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Help/air compressor tripping 20 amp breaker

Discussion in 'Electrical Engineering' started by Bruce, Dec 1, 2003.

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  1. Bruce

    Bruce Guest

    I have a 58' run of 12/3 wire running to the shed that operated some
    lights and a small 110v sears 30 gallon air compressor nearly new.
    The first time or two of turning it on to build air the breaker blows.
    After that it seems to be fine the rest of the day, cycling on/off.
    Is my wire run to long and making to much of a current drop???
    What can I do to stop this. Anyone? Thanks in advance.
    Bruce
    please remove SPAMNOT to reply off list if you want
     
  2. SQLit

    SQLit Guest

    Not knowing the FLA and LR for the motor try this site for the voltage drop
    calculations.

    http://www.electrician.com/vd_calculator.html

    I have a 15 gallon Sears compressor and it says it draws 15 amps.(FLA)
    According to the site
    15 amps and 58 feet results in a 3 volt drop or 2.8% well with in
    tolerances. Max is 5%. The extra for the lights might be the problem
    Have you tried another breaker? Residential breakers do get tired and trip
    early after a long time. My home is 30 years old with SQ NQO breakers, I
    have replaced the exterior breakers and the pool circuit they just trip to
    much
     
  3. 15Amp FL this might also be a breaker rating issue is it a type C breaker
    for motors?
    Darren Fletcher
     
  4. Bruce

    Bruce Guest

    The breaker has on it QD SWD. Does this small motor have a start cap
    that can lose stored energy over a short period of time?
    I just switched with another breaker and will see.
    Still looking for a fix in case the lights dim way down.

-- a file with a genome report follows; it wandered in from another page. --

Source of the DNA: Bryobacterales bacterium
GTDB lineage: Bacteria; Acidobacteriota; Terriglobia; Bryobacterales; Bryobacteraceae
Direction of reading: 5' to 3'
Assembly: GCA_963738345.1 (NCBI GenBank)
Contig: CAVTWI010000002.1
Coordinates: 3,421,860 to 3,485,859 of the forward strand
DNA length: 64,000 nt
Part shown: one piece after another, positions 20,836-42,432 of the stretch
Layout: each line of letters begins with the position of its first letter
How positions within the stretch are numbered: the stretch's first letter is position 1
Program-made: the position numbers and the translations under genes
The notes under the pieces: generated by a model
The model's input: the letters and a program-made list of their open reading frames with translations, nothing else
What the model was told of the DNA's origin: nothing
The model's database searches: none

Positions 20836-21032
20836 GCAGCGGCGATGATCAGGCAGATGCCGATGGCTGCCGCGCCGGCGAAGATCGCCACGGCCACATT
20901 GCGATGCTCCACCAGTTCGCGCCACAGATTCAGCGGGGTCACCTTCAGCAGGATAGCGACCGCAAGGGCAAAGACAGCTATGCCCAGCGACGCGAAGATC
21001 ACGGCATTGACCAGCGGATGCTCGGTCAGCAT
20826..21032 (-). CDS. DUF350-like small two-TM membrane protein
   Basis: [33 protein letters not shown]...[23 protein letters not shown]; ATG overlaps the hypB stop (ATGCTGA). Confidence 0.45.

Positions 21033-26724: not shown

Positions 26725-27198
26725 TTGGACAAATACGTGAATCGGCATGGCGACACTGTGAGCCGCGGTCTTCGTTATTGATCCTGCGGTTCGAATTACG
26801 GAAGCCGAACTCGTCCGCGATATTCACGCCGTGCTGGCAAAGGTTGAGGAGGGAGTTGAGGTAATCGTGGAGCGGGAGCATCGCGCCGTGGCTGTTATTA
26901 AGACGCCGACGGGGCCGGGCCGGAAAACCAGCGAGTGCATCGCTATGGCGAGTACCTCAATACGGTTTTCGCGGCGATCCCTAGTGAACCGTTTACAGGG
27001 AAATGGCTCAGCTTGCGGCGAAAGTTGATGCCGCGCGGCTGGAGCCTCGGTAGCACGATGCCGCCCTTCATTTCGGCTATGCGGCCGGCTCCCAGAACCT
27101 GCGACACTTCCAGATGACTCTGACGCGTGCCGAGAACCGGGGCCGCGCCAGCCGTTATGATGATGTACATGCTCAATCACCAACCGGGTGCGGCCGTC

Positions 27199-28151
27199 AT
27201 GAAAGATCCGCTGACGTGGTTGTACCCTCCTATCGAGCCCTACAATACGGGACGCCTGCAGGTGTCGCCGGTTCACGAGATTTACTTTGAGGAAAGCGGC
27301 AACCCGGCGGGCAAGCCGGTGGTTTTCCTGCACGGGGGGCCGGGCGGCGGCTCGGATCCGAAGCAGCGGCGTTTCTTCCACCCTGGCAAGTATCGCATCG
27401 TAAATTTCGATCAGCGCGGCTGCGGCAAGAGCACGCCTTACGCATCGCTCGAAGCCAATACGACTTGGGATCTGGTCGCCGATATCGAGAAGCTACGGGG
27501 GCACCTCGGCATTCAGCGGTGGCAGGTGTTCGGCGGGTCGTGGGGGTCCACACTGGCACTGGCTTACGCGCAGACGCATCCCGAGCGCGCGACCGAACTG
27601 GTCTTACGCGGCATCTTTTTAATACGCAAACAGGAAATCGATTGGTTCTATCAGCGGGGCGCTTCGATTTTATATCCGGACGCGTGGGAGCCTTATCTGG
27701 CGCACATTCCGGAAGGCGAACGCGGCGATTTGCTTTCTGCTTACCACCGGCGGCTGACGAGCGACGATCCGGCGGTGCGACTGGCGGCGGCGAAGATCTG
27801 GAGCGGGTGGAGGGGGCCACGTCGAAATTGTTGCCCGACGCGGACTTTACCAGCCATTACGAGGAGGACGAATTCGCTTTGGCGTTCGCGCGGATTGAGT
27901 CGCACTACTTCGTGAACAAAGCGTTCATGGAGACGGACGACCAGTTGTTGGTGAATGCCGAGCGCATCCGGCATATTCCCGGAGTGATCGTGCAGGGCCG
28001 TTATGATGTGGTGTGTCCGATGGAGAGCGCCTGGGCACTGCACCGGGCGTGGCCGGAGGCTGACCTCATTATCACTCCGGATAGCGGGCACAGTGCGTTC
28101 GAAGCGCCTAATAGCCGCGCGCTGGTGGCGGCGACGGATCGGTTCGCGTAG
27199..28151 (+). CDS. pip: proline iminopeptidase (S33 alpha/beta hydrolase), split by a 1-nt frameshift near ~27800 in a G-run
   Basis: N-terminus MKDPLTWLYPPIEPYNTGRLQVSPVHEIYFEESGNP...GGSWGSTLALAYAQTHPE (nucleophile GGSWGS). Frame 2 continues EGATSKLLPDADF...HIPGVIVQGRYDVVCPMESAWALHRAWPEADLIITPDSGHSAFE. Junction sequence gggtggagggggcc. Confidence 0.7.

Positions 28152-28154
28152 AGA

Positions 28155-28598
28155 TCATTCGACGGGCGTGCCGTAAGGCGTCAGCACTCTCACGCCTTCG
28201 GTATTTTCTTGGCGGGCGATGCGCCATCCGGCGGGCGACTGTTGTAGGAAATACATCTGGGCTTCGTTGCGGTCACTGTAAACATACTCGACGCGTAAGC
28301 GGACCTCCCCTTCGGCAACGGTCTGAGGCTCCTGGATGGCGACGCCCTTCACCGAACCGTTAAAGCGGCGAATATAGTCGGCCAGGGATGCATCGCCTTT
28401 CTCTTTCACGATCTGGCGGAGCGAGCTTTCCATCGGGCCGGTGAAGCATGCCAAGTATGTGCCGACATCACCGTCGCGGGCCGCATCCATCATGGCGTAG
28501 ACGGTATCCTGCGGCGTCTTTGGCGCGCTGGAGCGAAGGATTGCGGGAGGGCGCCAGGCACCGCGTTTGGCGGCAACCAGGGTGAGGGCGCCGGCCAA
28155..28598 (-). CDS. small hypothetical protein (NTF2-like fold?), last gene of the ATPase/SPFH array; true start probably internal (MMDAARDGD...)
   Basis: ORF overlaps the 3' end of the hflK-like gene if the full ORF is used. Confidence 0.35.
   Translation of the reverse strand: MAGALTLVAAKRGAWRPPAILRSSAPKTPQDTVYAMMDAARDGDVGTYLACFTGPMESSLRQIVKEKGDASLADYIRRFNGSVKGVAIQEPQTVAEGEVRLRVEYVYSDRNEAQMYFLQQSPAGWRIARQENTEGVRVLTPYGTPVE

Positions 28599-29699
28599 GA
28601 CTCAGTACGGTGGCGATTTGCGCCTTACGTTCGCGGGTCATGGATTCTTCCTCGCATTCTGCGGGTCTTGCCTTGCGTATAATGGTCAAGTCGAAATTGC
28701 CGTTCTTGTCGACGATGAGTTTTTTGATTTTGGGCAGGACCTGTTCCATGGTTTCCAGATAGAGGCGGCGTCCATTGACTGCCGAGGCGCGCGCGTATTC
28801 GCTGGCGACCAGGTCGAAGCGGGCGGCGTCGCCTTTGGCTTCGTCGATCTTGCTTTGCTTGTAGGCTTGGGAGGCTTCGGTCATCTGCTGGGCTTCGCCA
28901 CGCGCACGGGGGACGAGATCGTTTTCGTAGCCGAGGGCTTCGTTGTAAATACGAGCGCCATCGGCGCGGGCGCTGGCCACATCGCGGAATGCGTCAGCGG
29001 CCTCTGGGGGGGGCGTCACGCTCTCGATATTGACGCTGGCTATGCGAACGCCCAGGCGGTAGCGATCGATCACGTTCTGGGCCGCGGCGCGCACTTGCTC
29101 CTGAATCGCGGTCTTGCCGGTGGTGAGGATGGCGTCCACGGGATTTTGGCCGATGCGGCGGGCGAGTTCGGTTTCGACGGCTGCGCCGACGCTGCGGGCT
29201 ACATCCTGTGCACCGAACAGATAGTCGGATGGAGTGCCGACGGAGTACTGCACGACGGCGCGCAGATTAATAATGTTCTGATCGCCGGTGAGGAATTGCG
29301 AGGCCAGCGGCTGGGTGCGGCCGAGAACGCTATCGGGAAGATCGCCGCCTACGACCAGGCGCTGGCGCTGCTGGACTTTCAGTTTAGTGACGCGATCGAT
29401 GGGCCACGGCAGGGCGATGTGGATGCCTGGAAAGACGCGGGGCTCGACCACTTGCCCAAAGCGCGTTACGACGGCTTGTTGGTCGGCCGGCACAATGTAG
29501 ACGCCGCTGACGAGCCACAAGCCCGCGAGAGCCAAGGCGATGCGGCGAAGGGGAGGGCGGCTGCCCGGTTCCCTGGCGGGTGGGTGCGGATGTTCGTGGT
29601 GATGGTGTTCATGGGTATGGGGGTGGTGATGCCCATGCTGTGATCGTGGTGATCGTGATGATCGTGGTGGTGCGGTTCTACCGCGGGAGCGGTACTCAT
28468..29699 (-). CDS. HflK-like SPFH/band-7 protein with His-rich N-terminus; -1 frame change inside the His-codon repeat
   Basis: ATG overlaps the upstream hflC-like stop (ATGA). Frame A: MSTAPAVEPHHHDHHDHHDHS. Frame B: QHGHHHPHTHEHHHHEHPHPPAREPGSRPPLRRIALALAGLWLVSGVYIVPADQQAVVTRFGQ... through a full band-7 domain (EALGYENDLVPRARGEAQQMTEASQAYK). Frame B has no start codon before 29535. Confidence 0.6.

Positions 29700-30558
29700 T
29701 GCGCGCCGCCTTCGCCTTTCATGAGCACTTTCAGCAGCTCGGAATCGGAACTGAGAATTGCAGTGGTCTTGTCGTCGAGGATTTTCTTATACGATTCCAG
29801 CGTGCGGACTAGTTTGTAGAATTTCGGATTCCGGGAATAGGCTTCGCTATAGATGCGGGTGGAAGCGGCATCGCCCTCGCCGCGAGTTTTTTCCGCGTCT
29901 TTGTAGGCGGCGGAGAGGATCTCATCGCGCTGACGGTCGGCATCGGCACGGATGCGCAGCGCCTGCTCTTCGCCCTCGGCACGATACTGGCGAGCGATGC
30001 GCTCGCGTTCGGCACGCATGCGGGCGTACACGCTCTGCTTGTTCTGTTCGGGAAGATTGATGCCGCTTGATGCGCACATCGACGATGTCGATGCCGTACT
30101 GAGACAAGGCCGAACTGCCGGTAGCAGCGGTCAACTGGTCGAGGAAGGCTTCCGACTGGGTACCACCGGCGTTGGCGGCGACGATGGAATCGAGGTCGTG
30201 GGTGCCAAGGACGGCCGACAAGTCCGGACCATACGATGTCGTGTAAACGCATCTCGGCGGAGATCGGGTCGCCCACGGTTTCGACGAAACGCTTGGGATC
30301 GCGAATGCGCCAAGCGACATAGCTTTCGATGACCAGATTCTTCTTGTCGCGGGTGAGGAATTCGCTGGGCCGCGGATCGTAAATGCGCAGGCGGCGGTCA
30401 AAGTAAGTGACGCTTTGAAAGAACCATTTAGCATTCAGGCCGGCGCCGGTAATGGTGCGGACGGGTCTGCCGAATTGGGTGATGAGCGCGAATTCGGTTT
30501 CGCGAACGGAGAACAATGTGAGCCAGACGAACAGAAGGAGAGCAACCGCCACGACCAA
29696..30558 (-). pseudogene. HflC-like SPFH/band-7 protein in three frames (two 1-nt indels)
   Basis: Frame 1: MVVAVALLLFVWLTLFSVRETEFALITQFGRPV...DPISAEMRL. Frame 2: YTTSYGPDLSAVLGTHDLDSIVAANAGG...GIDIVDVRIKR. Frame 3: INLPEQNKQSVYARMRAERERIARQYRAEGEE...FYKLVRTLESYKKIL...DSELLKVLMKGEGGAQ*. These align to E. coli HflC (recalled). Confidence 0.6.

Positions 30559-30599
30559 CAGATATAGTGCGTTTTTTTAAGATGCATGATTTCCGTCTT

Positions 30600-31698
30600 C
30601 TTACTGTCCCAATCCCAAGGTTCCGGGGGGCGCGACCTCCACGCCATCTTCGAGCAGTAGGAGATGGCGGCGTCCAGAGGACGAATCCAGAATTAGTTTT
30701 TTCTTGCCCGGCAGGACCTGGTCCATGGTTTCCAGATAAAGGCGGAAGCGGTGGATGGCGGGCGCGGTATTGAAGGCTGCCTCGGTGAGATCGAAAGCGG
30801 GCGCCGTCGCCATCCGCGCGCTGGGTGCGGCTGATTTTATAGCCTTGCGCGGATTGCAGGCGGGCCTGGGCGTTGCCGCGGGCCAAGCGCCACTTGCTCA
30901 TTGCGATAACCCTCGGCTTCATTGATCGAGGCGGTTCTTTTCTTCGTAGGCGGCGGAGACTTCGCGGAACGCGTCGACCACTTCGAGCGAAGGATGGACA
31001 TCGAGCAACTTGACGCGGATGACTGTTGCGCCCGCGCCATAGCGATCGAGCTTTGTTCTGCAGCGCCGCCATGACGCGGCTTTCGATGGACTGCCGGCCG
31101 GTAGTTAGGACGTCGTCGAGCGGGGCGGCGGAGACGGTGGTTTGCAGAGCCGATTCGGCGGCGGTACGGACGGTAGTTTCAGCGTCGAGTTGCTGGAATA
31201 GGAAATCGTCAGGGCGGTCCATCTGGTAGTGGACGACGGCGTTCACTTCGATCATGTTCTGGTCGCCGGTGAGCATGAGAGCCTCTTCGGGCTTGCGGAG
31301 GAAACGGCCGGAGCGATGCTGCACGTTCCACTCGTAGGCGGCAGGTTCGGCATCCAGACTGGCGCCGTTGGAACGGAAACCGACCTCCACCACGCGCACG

Thanks again,
    Bruce
     
  5. Rusty

    Rusty Guest

    Start caps are AC devices so they don't store energy between starts.

    The problem is quite common starting a small compressor. The inrush
    current for an electric motor is about six times the FLA, or 90 odd
    amps for a fraction of a second. An ordinary domestic breaker will
    not handle this with a cold motor where the duration of the inrush
    is longer than when it is warm. You are right on the edge.
    Consider getting a breaker rated for a motor start. Fit it in a
    separate breaker box if necessary, alongside the main panel.
     
  6. Zzzap

    Zzzap Guest

    "240.83(D)
    Circiuit breakers used as switches in 120-volt and 277-volt
    fluorescent lighting circuits shall be listed and shall be
    marked SWD or HID. [marked HID for high-intensity discharge
    lighting]

    Use another breaker. It's doubtful that a company would build a
    home and leave enough amperage left over on a lighting circuit
    to run your compresser.

    Keep your compresser separate from the lighting circuit.
    Otherwise no matter what you do you'll probably have the same
    problem. That might mean running a new circuit for it. It should
    be on its own circuit anyway.
     
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